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These two books ponder the changes taking place in the strategic environment of Asia and come to similar conclusions about how the United States should respond to them.
Pyongyang is well on the way to mastering the technologies it needs to build a deliverable nuclear weapon. But the contributors to this volume argue convincingly that little will change when North Korea crosses that threshold.
The Chinese middle class has not pushed for democracy because it depends on the state-dominated economy for its prosperity, it is relatively satisfied with the state’s provision of urban services, and it fears the disruptive potential of the lower classes, which still form a large majority.
The short-lived Japanese empire (1895–1945) espoused a confused and contested ideology. One of its strands was assimilationist; the other, racist.
With each new generation of leaders since Tiananmen, outside observers and many Chinese have hoped for a period of liberalizing political reform. Instead, each successive head of state -- Jiang Zemin, Hu Jintao, and now Xi Jinping -- has restricted freedom further. China will likely eventually democratize. But with every passing year, doing so gets more dangerous for the regime because the bottled-up social pressure has only increased. And so democratization is postponed again and again.
Conventional wisdom has long held that the Maoist system of totalitarianism differed from its Soviet counterpart by relying solely on the mobilized masses to dispense terror. That turns out to be wrong.
Osburg, an American anthropologist, spent time with and observed successful Chinese businessmen in Sichuan’s capital city, Chengdu. He found that corruption in China is hard work.
Multilateral regimes are increasingly important in regulating how states relate to one another, but India’s engagement has been limited.
These two source books give readers access to the emerging field of Tibetan studies, which challenges the popular image of Tibet as an isolated land of changeless wisdom.
Three generations of Ronnings have been involved with China; their letters, diaries, and family photos allow Topping to tell their stories in moving detail.
As economic and technological changes are shrinking the Asian maritime commons, most of the littoral countries are building up their navies and coast guards.
This book rings alarm bells about technology theft on a scale that the authors say is unprecedented in history and that they believe has strategic implications.
China’s attempt to consolidate its control over Tibet through modernization has gone tragically awry.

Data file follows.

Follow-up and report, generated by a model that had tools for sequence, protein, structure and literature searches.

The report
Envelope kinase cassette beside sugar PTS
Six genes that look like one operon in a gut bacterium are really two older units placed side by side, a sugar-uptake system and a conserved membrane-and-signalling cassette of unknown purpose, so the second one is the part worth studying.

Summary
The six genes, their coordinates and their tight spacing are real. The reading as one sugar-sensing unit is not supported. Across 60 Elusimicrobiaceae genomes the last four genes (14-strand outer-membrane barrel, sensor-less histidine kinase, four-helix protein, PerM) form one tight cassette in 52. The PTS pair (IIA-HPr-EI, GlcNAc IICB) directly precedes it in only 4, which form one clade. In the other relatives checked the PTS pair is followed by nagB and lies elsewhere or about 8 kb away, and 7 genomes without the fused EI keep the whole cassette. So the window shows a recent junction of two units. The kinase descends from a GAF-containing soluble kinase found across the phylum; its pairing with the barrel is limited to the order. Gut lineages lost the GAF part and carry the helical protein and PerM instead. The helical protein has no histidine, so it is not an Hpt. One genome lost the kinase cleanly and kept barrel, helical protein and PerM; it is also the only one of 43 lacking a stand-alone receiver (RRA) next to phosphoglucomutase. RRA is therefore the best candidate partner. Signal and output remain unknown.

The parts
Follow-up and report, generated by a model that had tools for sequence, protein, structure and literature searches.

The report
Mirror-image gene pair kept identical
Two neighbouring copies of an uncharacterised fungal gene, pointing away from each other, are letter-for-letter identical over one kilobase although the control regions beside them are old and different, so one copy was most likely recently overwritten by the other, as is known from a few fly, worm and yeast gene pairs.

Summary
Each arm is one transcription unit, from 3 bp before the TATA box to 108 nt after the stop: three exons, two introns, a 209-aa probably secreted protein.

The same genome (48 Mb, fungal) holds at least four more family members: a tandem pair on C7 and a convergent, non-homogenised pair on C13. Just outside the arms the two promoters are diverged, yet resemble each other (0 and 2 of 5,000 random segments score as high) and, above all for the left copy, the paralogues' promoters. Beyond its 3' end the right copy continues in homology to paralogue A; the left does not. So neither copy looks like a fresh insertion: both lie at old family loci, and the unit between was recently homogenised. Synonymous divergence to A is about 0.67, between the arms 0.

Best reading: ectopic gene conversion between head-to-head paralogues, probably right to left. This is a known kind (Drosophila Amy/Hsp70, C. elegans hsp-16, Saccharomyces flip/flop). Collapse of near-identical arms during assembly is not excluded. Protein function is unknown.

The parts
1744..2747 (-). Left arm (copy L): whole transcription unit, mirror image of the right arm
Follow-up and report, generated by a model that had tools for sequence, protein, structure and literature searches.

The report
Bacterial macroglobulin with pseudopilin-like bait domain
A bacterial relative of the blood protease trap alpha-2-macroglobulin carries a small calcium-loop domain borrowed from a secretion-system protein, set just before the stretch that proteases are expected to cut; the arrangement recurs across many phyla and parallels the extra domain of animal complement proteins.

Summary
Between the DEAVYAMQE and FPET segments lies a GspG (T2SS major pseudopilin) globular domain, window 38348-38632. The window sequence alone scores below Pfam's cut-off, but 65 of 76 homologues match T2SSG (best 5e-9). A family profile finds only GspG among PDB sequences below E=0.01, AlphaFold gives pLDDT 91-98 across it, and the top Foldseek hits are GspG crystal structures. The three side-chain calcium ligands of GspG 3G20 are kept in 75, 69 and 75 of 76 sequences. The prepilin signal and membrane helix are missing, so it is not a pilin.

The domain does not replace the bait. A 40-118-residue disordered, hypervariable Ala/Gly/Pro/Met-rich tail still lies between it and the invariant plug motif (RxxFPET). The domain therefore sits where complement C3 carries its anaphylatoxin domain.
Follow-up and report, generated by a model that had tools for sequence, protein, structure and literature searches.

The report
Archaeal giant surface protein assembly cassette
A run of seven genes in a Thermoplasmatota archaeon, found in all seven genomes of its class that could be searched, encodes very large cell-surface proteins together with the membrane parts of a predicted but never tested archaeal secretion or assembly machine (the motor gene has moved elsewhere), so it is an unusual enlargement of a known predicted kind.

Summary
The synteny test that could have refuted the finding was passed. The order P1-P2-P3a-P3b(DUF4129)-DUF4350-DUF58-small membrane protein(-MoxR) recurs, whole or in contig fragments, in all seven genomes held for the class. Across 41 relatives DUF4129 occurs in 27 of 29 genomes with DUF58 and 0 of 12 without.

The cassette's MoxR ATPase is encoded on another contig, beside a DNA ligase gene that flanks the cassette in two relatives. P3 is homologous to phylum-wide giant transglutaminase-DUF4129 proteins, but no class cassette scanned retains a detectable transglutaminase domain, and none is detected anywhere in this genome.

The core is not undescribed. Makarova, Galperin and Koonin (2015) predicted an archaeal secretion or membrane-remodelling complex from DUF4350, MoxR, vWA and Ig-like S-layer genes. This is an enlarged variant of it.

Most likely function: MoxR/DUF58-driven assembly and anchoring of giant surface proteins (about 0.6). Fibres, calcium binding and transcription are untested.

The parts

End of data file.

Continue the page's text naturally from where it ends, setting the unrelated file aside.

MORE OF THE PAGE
Jager’s magisterial history of the Korean War incorporates all the latest research, material from newly opened archives, and lots of photographs.
Shambaugh’s masterful survey of China’s presence on the world scene shows that in every field -- diplomatic, economic, military, and cultural -- Beijing’s influence, although growing, remains limited.
To explain his commitment to confronting Cambodia’s entrenched elite in the face of legal persecution and assassination attempts, Sam Rainsy has written a far-ranging autobiography.
Chinese media have changed since the gray days of Maoism.
Mitter applies historical empathy to yield fresh insights into the situations of all the actors in the horrific conflict that the Chinese call the War of Resistance Against Japan, which lasted from 1937 to 1945.
Among a growing number of websites and e-mail newsletters providing insight on China, the China Story stands out for the richness of its coverage of Chinese culture and history.
India has experienced two decades of rapid economic growth, yet half of Indian households lack indoor toilets, nearly 40 percent of the country’s adults are illiterate, and 43 percent of its children are underweight.
Jayal argues that India’s history as a society built on the exclusionary logics of castes and tribes continues to clash with its self-image as an inclusive democracy.
Laruelle and Peyrouse’s travels in Central Asia revealed that these states view the Shanghai Cooperation Organization as marginal to their main security worries, their pragmatic accommodation with China buttressed more than anything else by the economic benefits that the arrangement offers corrupt elites.
Dikotter probes beneath the surface of what some still see as a relatively benign early phase of Mao’s rule, when the Communists restored political order and the economy, combated social evils, and allowed a modicum of personal freedom. He reveals the cost of what he calls a policy of “calculated terror and systematic violence.”
Jager’s magisterial history of the Korean War argues that the bitterness of the conflict helped harden Cold War antagonisms in Asia. Armstrong's rich analysis shows how North Korea has so often managed to dominate the region’s diplomatic agenda.
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